Water Workshop at Cambridge University

This week I taught a workshop at Cambridge University’s Judith E. Wilson Drama Studio as part of Bhanu Kapil’s workshop cycle on Water, which forms a natural overlap with my own sequence of classes on the Four Elements.

I introduced the idea of the Four Elements as an alternative to binary ways of looking at writing (and the world – let’s be ambitious). And then we considered Water for its associations with feelings, which can so often be out of balance in writing. We listened to a passage from Annie Proulx’s ‘Brokeback Mountain’, and through close readings identified aspects of craft that brought a particular emotional charge to that scene. We also read aloud from Joe Brainard’s I Remember, and discussed how memory can activate feeling through specific associations.

And then, after giving ourselves watery workshop names (including Pebble, Fleet, Kelp, Great White Shark, Newt, and Goddess of the Eels and Wrong Fishes), we did some contemplative drawing exercises and wrote some powerful I Remembers of our own.

What was special about this class was that it took place in the Judith E. Wilson Studio – we had watery props, and communed with a manatee! And we had lighting: I’ve not considered so deeply before how classroom lighting might affect how we write or how I teach, and it was a real treat to be working in such a shadowy turquoise space; it was like writing on the ocean floor. It reminds me of an exercise suggested in Elaine Showalter’s Teaching Literature where she tasks students of Victorian literature to write by candlelight – such a simple idea, yet one with the potential for profound shifts in what we create. Thanks to Lorraine Carver from the English department for making this possible.

Thanks also to everyone who came for joining in so fully, and special thanks to Bhanu Kapil for hosting this workshop; the whole series of classes sounds rich and imaginative. Cambridge is one of my favourite cities, and it was a real pleasure to be teaching there.

I also saw the sacred lawns dug up by Extinction Rebellion, eek! See below. As a gardener, I was probably unconvinced … though as a teacher I’m thinking ahead to my next workshop on 21 March, when we shall mark the equinox with the WRites of Spring at Earth Works (shovels not required).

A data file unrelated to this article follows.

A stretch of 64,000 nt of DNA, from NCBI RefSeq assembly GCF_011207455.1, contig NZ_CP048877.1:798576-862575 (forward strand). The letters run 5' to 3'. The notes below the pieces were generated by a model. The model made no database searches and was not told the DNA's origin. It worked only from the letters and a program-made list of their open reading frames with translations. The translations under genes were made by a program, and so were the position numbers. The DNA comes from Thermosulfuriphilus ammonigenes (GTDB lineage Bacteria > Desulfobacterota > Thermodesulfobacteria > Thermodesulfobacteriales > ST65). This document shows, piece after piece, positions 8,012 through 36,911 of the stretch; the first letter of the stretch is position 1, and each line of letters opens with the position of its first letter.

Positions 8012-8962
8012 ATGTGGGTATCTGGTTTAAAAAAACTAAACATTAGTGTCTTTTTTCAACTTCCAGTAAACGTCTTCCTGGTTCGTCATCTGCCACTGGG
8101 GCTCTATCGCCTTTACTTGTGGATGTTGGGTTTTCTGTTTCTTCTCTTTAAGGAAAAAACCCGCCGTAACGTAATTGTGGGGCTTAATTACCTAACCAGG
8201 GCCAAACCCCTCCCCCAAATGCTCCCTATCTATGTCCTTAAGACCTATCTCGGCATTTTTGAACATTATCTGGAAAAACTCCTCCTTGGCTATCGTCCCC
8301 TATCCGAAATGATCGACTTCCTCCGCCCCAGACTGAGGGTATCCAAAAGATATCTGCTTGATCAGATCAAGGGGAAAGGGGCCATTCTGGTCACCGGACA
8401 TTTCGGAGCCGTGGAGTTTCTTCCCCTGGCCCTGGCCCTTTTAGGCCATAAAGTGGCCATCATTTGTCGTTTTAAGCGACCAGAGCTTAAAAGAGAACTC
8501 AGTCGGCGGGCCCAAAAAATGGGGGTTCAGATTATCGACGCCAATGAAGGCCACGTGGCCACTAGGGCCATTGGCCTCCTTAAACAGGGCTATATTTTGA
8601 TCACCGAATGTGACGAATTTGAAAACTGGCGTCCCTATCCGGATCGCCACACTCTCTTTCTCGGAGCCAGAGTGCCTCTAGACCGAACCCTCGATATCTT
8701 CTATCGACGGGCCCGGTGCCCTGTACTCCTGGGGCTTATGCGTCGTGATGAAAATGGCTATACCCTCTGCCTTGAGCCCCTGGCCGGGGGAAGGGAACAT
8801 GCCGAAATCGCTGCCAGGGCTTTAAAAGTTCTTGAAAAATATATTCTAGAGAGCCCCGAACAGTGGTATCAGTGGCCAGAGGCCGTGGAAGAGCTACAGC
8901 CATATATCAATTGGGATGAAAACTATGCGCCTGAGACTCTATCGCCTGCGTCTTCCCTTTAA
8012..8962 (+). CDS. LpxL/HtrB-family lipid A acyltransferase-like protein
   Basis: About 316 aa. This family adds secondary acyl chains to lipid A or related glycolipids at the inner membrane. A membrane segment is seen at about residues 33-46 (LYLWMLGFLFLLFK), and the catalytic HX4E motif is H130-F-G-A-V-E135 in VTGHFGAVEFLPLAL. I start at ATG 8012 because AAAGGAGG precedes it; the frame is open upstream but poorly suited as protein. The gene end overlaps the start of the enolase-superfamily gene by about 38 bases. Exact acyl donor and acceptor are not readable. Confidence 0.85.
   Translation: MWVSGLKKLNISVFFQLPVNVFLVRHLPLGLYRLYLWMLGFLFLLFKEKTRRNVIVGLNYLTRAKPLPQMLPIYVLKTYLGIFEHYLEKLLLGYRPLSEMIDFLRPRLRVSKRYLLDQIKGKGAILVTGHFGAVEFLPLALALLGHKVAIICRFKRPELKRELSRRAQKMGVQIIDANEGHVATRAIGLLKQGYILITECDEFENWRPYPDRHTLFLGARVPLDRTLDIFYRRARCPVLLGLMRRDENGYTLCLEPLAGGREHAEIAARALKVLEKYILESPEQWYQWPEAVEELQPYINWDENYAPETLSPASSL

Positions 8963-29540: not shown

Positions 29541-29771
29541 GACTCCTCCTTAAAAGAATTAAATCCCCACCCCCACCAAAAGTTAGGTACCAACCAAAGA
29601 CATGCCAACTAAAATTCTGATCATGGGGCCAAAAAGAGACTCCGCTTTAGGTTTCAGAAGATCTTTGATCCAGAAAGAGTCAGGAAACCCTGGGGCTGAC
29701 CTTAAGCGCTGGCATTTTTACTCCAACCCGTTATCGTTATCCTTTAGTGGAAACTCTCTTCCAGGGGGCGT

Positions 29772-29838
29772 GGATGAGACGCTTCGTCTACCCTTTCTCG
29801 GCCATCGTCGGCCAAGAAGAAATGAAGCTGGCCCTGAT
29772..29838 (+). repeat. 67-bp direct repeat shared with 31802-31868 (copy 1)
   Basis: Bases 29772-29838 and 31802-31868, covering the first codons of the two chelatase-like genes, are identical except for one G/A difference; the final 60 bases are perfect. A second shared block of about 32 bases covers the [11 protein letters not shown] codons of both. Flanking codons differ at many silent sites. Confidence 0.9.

Workshops for 2020: Food, Water Ways, Earth Works

In 2020 I’m continuing the ongoing series of new Four Elements workshops with Kellie Jackson of Words Away.

Four Elements workshops follow a holistic approach, using mindfulness techniques and placing a strong emphasis on play and experiment, while also addressing practical matters of craft and the business of publishing. Each day-long workshop considers the symbolic powers and perspectives of the elements: fire for the energy it creates, water for the feelings it evokes, earth for conjuring up the material world, and air for the way in which it structures the world and brings clarity to our thinking. We also discuss ways to balance all four elements in our writing, as required.

We held the first new workshop last month; in Finding Your Fire we paid particular attention to how the power of fire fuels our intention and charges up our voices, with one session devoted to crafting dialogue, which is perhaps one of the most striking ways to add a spark to our writing. We also looked at many ways in which fire appears in writing.

Writers sometimes overthink our work (too much time spent in our own company?!), and we all gain something from getting out of our own heads, and to do so it often helps to work with creative materials other than words. So we are also inviting guest gurus to lead sessions during each day – practitioners who bring in fresh (and elemental) perspectives from different fields in the arts. In the pic above, guest firestarter Kate Beales is showing us how techniques from theatre help summon up fiery energies to empower our writing. In other workshops we’ll gain insights from teachers or coaches from the worlds of illustration, dance, and poetry.

I usually circulate brief writing assignments as well as reading suggestions in advance, so that everyone comes prepared. And of course there is plenty of writing during the day, and afterwards too, as I provide writing prompts and resources, as well as follow-up notes with plenty of suggestions for further writing and reading. We also make time for brief meditations.

Our workshops are attended by published authors as well as beginning writers, and the spirit is engaged and collaborative; it’s good to observe community forming and writing partnerships developing.

If you are interested, below are the dates for the next workshops – my Forthcoming page also has more information, and you can find booking details via the links below:

* Saturday 8 February 2020, 9.45am-5pm Water Ways: A Four Elements Workshop on Feeling, Tone and Perspective – our guest wavemaker is artist and author Sally Kindberg

* Saturday 21 March 2020, 9.45am-5pm Earth Works: A Four Elements Workshop on Description and Action – our guest earthshaker is dancer and coach Claire Dale

* Saturday 16 May 2020, 9.45pm-5pm Writing On Air: A Four Elements Workshop on Structure, Form and Focus – our guest aeronaut is poet and performance artist Bhanu Kapil (more info and booking link to come)

* June 2020 (date to be confirmed), 9.45pm-5pm
The Four Elements of Editing (more info and booking link to come)